Cassini finds a very thin atmosphere, called an exosphere, surrounding Saturn’s icy moon Rhea. What’s more, the exosphere contains molecules of oxygen and carbon dioxide. Scientists think the oxygen travels from the surface to the exosphere under the influence of Saturn’s magnetic field. Rhea joins Earth as the only bodies known to have oxygen in their atmospheres.
Dec. 5, 2010
Monster storm on Saturn
Cassini spies a monster storm on Saturn’s northern hemisphere. It measured about 9,000 miles from north to south and about 190,000 miles from east to west. It also churned up material from 100 miles below the surface. About 12 weeks in, the storm had wrapped itself around the entire planet.
June 22, 2011
A hidden ocean
After studying the ice grains shooting out of Enceladus, scientists determine that the ones closer to the moon’s surface are rich in sodium and potassium salts. Their make-up indicates they evaporated from liquid salt water, suggesting that a hidden ocean lies beneath the Enceladus surface. The finding is reported in the journal Nature.
March 2, 2012
Dione joins the oxygen club
Scientists didn’t know whether Dione even had an exosphere, but Cassini detected a sparse exosphere with one oxygen ion per 11 cubic centimeters of space. The exosphere is so thin that its density at the moon’s surface is the same as Earth’s atmosphere 300 miles up. Scientists think the oxygen comes from water ice on Dione’s surface, which is released by photons from the sun or other energetic particles.
April 23, 2012
Punching through Saturn’s F ring
Cassini spots an object about half a mile wide punching through Saturn’s F ring, leaving a trail of icy particles in its wake. The length of the trail ranges from about 47 miles to 155 miles over the 11 hours and 5 minutes of elapsed time captured in the movie below. Cassini scientists think the objects penetrating the ring are icy ring particles pushed together by the moon Prometheus. They call the trails “mini-jets”
July 19, 2013
Wave at Saturn
Cassini takes Earth’s picture from 898 million miles away. Both Earth and the moon are visible to the right of Saturn’s south pole, below the rings. Cassini’s home planet is visible because Saturn was blocking the sun. When mission managers realized this would be the case, they kicked off the “Wave at Saturn” campaign to encourage Earthlings to smile for Cassini’s camera.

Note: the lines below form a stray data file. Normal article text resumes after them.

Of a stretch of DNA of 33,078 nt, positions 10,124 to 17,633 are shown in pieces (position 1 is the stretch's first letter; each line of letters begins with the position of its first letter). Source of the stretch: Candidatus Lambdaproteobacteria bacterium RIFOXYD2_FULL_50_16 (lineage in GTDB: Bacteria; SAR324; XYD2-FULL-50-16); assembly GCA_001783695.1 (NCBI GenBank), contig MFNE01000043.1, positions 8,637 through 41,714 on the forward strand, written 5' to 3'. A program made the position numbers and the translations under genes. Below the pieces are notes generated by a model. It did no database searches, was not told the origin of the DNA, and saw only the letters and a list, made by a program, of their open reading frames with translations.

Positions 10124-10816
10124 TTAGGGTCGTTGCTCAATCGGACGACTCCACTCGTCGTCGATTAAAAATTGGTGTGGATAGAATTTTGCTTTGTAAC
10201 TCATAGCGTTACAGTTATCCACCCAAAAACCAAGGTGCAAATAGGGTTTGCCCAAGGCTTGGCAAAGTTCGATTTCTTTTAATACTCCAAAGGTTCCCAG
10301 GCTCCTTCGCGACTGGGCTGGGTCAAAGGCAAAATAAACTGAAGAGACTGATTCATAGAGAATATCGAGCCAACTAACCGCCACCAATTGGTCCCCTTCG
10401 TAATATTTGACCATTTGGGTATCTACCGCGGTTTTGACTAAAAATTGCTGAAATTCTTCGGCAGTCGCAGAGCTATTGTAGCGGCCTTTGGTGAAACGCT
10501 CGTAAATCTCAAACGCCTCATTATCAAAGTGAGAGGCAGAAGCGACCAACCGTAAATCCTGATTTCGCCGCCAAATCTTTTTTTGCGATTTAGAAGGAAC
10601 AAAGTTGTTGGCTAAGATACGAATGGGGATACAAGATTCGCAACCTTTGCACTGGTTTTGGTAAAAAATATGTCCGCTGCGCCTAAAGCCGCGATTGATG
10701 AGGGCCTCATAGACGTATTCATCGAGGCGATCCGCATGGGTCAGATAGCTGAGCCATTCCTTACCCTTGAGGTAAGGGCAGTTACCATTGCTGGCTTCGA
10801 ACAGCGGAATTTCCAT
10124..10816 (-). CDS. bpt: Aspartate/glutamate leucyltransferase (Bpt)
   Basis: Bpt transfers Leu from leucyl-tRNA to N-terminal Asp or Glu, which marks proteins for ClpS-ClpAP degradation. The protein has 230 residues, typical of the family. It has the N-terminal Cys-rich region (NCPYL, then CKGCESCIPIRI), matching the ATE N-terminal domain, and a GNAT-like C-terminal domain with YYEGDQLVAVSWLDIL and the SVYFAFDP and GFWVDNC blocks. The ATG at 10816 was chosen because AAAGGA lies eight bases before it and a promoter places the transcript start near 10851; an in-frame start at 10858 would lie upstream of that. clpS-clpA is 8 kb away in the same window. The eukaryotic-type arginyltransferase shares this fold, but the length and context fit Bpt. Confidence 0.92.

Dec. 4, 2013
Hexagonal storm in motion
Saturn’s north pole has a six-sided jet stream, and Cassini captures all of it for the first time in a high-resolution movie. The weather feature spans about 20,000 miles and is powered by 200-mph winds. The storm, known as the hexagon, has been active for decades (if not centuries) and is thought to be unique in the solar system. The version below uses color filters to distinguish between different types of particles in the atmosphere.
Jan. 28, 2015
New view of Titan
In December 2013, Cassini visited Titan while it was outside of Saturn’s protective magnetosphere, a situation that occurs only 5% of the time. In January 2015, scientists reported that the solar wind enveloped the unprotected moon, creating a shock wave when it slammed into Titan’s atmosphere. This is similar to the way the solar wind interacts with Venus or Mars, two planets that lack a magnetic field.
Aug. 28, 2017
Last view of Enceladus’s plume
Cassini conducts its last observation of the jets spraying out of Enceladus’ south pole. The movie below was captured over a period of about 14 hours as the moon goes from being partially lit by Saturn into complete darkness. NASA scientists are now contemplating a follow-up mission to Enceladus, which they have dubbed Enceladus Life Finder.
Sept. 11, 2017
Kissing Titan goodbye
Cassini gives Titan a “goodbye kiss” during its final flyby of the giant moon. Although the spacecraft remained rather distant, it came close enough for Titan’s gravity to slow it down. That will ensure Cassini enters Saturn’s atmosphere at an angle that causes it to incinerate. Although it sounds harsh, the mission managers decided to destroy Cassini to protect Saturn’s moons from possible contamination.
Already a subscriber? Thank you for your support. If you are not, please consider subscribing today. Get full access to our signature journalism for just 99 cents for the first four weeks.
MORE ON CASSINI’S GRAND FINALE
Get our free Coronavirus Today newsletter
Sign up for the latest news, best stories and what they mean for you, plus answers to your questions.
You may occasionally receive promotional content from the Los Angeles Times.